Sunday, 13 October 2013

Macclesfield

We’ve been here a few times and probably due to laziness I haven’t written about the place.  So I’m rectifying the situation.

Macclesfield is in that part of Cheshire that is a ball ache to get to – not close to any motorway and a myriad of ways to get there.  This time we went M60, A34, A555, A5149 and A523.  Sometimes I’ve come through Wilmslow and even travelled via Buxton on the A537.  The A537 is special, it’s nicknamed the Cat ‘n’ Fiddle and probably one of the most dangerous roads in the country.  Needless to say I loved driving down this road and it’s the kind of road that demands you to drink a gin and tonic at the end of it to celebrate completing it in one piece.  This is definitely a road for a person wanting to experience a Top Gear moment.
Back to Macclesfield – I’ve always had a mixed experience of the town.  Often it has been the last town on a day trip when half the charity and interesting shops have closed.  This time I made sure it was the first stop of the day.
We park on the edge of town near Chester Gate.  We got 2 hours parking for a £1 which is not bad.  In my opinion Chester Gate is the most interesting part of town.  I consider it Macclesfield’s equivalent of Manchester’s Northern Quarter – a bit rough round the edges but rocking an interesting vibe.

There are a number of charity shops along Chester Gate and some of which are for the more local ones.  I always like Windyway Trust shop as they always have pictures dotted around the shop of the cute animals they are looking after.  These charity shops are very busy, although you really have to be sharp to pick up a bargain or a collectable as there are a number of local vintage shops who no doubt scour these shops for antiques only to sell them for 10 times what they paid for them. 

The more mainstream charity shops such as Scope, Cancer Research and Oxfam are located in the centre of Macclesfield.  In Scope there was a dispute as a woman had thought she had left her mobile phone charger there earlier in the week.  The shop assistant insisted they had checked and there was no phone charger in the shop.  In the end the shop assistant had to stop the woman from going into the back room.  Sue Ryder shop on the edge of town is the largest of all the charity shops and does a good line in furniture.  If you are on a budget and need to pick up some cheap furniture this is the place to visit.
As I mentioned there are some Vintage shops on Chester Gate.  I’m somewhat disappointed with Macvintage as despite looking the part of a vintage shop they are seriously overpriced especially where vinyl records are concerned.  My favourite vintage shop along here is Déjà vu.  I’m still kicking myself for not picking up a Japanese embroidery picture I saw there.  Whilst it’s a narrow shop it is spread out over 3 floors and 6 rooms.  I love wandering from room to room and whilst we’re not talking high end antiques here they have some interesting items at what seemed to me reasonable prices.  Neil didn’t find anything to pick up from their collection of vinyl  though he did find some awful album covers to post on Facebook.  Déjà vu is definitely a place to visit.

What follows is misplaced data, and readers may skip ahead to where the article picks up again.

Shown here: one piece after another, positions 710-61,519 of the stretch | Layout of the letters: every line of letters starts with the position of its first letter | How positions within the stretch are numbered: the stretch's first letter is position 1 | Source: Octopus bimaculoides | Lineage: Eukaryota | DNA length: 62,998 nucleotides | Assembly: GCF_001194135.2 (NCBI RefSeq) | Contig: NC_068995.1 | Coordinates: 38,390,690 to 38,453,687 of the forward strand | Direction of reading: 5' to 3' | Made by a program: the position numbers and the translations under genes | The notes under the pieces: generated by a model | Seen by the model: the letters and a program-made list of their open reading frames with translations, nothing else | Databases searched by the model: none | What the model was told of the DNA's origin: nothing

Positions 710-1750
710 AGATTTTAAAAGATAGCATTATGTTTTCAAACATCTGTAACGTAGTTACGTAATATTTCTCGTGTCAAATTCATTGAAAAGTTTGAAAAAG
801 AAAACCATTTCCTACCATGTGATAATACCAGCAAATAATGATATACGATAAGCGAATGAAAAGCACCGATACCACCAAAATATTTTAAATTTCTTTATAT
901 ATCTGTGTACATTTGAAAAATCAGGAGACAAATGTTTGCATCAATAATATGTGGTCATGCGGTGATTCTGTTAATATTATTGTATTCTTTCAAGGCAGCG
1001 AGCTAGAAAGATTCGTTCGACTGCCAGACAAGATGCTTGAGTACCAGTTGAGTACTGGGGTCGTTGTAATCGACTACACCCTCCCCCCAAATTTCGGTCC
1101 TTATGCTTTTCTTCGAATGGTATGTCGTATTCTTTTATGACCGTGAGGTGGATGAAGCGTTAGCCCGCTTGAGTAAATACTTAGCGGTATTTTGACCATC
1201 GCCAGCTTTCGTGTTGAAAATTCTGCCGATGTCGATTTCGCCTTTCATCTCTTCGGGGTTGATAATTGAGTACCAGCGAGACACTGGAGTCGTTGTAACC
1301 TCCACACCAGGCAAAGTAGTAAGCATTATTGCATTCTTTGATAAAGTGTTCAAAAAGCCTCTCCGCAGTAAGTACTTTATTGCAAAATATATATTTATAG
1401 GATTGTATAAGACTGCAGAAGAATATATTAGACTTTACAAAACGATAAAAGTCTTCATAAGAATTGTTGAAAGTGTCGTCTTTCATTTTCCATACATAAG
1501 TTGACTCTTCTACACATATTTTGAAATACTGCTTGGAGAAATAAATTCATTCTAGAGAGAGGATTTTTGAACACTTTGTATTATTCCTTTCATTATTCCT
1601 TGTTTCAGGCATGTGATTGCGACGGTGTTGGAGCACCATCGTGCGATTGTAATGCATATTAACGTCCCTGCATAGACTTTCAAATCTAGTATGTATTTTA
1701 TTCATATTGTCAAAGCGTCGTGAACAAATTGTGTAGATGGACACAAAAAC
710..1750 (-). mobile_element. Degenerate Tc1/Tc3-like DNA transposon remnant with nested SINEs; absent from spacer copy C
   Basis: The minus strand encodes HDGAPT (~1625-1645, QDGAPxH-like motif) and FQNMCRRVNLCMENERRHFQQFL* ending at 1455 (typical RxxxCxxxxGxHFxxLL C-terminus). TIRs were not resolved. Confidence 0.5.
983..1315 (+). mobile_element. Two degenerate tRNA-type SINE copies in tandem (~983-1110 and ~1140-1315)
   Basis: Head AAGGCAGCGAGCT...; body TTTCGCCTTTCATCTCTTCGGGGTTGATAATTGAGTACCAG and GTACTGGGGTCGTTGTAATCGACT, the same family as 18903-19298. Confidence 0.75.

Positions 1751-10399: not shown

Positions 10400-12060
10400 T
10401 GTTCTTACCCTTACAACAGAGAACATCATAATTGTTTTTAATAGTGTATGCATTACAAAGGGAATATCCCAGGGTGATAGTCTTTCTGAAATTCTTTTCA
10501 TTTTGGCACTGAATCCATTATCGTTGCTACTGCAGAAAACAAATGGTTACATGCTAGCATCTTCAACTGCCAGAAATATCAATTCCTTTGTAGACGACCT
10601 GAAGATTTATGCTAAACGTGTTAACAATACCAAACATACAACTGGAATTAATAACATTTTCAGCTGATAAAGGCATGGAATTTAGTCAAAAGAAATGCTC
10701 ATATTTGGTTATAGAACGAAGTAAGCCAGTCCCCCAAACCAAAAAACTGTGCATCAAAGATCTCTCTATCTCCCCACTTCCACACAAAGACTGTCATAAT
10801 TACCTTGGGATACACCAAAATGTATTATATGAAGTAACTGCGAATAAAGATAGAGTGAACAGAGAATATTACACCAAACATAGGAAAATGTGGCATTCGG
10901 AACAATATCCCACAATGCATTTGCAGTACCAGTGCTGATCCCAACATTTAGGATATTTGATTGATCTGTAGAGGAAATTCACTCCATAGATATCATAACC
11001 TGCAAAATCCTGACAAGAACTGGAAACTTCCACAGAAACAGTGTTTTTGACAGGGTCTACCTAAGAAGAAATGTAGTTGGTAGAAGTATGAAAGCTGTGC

As we wandered into town there were plenty of independent shops that have popped up.  The Big Issue seller was very scary sounding whilst he hawked his wares.  There are plenty of restaurants and cafes too to grab a bite to eat.  There is both a Caffe Nero and a Costa to rest your weary feet, along with some independent cafes which looked interesting.  We decided to get fish and chips from Silktown Fryer.  Whilst we did ask for a small portion of chips, we still got a mighty helping.  I have to say they were good too.

The main shopping area is a pedestrianized zone, which adds to a safer shopping experience.  Not surprisingly, in this economic climate, there are a number of empty shops dotted about.  This is not helped by the fact there is an out of town shopping area on the outskirts of the town.  The main shopping area isn’t the most thrilling shopping experience as it had standard high street chains vying for trade. 
Architecturally Macclesfield is a traditional market town with a hodge-podge of shops which have evolved over the centuries.  As a result this gives the place real character.  The Town Hall in the centre of town is a rather grand building, which looked more like a stately home than civic building. On the outskirts of the town there were some large Mill buildings and apparently Macclesfield used to be a hub for silk making.  Chester Gate being  a little rough round the edges has a few boarded up shops and pubs, but the locals have painted murals on the frontages which really helps to brighten up the place.

After this trip I’m really quite impressed with Macclesfield as it’s definitely working its independent shopping experience.  For me that is one of the best things about the place.  I do think the nice weather helped as rain and drizzle can really dampen one’s spirits when visiting northern towns.  No doubt we’ll be back at some point, especially as I’m still wondering if Déjà vu have that silk embroidery.